After learning about sugoroku, I’ve started noticing it in various places. The first was a reproduction of a 1902 game in a gift shop in Otaru. Next was at a museum gift shop in Yokohama, and again at a park gift shop. Most recently was the Edo-Tokyo Museum having several exhibits. Hunting for sugoroku has turned into a hobby of mine!
Guide to Otaru
Otaru is a small town in Northern Hokkaido that once had a bustling financial district. This reproduction of a 1902 (Meiji 35) game is a guide to places in Otaru. Surprisingly large, it’s printed on very thin paper.
It begins with a train leaving a tunnel at the bottom right, with the players traverse the town before arriving at a panoramic view in the center. It really captures the ambiance of the town at the time.
Good Children Traffic Sugoroku
This is a reproduction of a 1945 (Showa 20) sugoroku produced by the local police department. After reading about sugoroku, the date took me by surprise. According to what I’ve read, sugoroku were not really produced during and immediately after the war. Included with it are some cardboard playing pieces.
According to the introduction, it was produced when cars and street signs were becoming more common, so it served as a teaching tool for kids to become familiar with them. You’ll notice that in addition to the locations, there are a number of street signs, particularly stop signs. There’s also two routes that may be taken, red and blue.
The start location is the police station and the finish is Yokohama port. If you look at the finish, you’ll see a girl wearing red shoes aboard a ship. This is in reference to the famous Red Shoes rhyme.
While at the Edo-Tokyo Museum, I was surprised to find several sugoroku exhibits, including an interactive version of Ryōunkaku.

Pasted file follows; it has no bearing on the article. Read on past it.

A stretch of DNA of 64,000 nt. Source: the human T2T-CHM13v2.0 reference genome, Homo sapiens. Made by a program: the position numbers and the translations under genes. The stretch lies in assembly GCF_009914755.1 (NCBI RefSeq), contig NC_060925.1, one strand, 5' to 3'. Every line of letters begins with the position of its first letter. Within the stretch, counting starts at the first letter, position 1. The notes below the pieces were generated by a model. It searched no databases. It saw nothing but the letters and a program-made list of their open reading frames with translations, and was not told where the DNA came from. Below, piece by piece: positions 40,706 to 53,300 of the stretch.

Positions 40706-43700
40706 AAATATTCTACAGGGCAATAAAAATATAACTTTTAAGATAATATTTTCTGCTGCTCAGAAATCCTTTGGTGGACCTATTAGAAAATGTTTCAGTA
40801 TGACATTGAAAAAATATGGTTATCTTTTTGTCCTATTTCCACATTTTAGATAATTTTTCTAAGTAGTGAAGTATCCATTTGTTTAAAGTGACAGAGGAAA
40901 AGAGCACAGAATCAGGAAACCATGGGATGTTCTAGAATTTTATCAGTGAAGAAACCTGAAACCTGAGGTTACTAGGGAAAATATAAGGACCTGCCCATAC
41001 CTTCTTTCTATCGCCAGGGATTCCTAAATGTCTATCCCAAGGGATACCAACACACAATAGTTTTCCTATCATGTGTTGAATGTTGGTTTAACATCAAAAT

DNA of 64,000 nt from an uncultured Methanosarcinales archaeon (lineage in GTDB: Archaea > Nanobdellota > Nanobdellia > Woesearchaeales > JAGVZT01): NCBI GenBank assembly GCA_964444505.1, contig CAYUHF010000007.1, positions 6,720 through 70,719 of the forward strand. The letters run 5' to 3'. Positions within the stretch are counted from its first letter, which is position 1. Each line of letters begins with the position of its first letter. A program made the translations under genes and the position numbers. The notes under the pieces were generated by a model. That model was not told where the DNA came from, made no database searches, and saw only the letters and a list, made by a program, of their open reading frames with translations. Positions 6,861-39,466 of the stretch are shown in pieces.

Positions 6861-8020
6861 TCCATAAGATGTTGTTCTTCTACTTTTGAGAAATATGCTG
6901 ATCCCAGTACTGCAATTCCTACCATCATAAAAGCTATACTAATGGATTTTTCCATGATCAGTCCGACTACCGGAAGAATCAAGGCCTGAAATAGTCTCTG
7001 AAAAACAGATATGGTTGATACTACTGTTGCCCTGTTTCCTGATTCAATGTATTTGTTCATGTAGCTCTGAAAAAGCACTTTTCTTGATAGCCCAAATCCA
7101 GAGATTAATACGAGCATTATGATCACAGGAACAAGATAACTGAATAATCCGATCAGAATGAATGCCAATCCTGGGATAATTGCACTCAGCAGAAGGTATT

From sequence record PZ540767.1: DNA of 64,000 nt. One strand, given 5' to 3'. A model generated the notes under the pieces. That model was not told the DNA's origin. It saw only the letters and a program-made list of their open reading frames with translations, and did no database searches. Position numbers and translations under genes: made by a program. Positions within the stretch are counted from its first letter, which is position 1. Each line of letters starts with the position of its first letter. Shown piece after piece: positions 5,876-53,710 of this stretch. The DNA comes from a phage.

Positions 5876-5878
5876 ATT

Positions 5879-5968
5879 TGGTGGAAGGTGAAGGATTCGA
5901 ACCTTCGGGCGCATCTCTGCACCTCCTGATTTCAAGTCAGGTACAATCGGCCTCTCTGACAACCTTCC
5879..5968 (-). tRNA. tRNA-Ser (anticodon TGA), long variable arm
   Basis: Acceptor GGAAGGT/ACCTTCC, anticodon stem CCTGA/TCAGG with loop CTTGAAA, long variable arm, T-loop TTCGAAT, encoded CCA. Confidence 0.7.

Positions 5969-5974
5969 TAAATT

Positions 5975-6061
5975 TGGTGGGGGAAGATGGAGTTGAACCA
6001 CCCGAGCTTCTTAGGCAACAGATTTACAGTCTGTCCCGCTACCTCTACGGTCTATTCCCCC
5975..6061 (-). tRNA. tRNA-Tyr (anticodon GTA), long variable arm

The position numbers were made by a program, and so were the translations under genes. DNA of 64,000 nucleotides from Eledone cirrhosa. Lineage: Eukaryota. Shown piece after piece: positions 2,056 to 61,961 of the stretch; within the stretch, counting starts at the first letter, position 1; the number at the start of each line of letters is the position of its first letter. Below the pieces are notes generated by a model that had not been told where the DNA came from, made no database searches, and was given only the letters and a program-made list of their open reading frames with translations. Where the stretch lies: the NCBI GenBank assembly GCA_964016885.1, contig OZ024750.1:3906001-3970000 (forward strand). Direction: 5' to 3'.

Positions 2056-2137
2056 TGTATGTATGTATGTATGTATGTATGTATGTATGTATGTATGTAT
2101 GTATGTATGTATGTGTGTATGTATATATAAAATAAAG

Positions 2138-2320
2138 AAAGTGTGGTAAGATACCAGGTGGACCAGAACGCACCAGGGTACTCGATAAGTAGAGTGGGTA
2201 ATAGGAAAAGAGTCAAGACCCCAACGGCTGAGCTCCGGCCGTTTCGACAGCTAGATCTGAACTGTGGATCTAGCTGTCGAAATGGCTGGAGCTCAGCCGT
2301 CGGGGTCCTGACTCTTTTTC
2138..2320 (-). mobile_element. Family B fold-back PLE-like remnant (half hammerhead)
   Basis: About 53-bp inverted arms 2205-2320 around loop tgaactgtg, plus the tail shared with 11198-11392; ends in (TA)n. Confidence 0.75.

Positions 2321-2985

Ryōunkaku, a popular tower and the first elevator in Japan, became a natural topic of a sugoroku. Unfortunately, the actual building was destroyed in an earthquake, but there’s a scale model of it at the Edo-Tokyo museum. There’s actually two sugoroku at the museum depicting the tower– an interactive one with small doors that can be opened to reveal the interior and a framed paper version.
The sugoroku begins at the tower entrance, with the players working their way up through multiple rooms on each floor. The papers being thrown from the balloon may be in reference to a giveaway that was held.
There was also a carpet version of a sugoroku manufactured by Mitsukoshi department store in 1928 (Showa 3) that depicts seasonal children’s games.
The start is kids leaving home and the goal is the Mitsukoshi Department Store.
Yokohama Yamate Sugoroku
This is a cloth sugoroku of local spots in Yokohama, specifically Yamate, Motomachi, and Chinatown. It includes a tiny die and several hajiki (coin sized flat glass) as playing pieces. Hajiki have their own game that is played similar to marbles, where the players flick their hajiki and try to hit others. I’ve never played sugoroku before, so my wife offered to play.
After carefully ironing the game cloth, we each chose a hajiki. She consistently rolled fives and sixes, so the game was over in just a few minutes. Along the way I got stuck in a loop between two places, but finally broke free. With how quickly it was over, I understood the comment in the Sugoroku book about games with more steps minimizing chance rolls. Similar to the traffic sugoroku, which is also from Yokohama, the motif of red shoes again makes an appearance, this time to marking both the start and the path.
After having spent so much time reading about sugoroku, it was fun to actually experience it, even if just briefly.
I wouldn’t have expected to be captivated by sugoroku when I first learned about them. The mechanics are very simple, but there’s a beauty to them that really intrigues me. A glimpse into life at the time they were made. Let me know in the comments if you’ve found any sugoroku in the wild.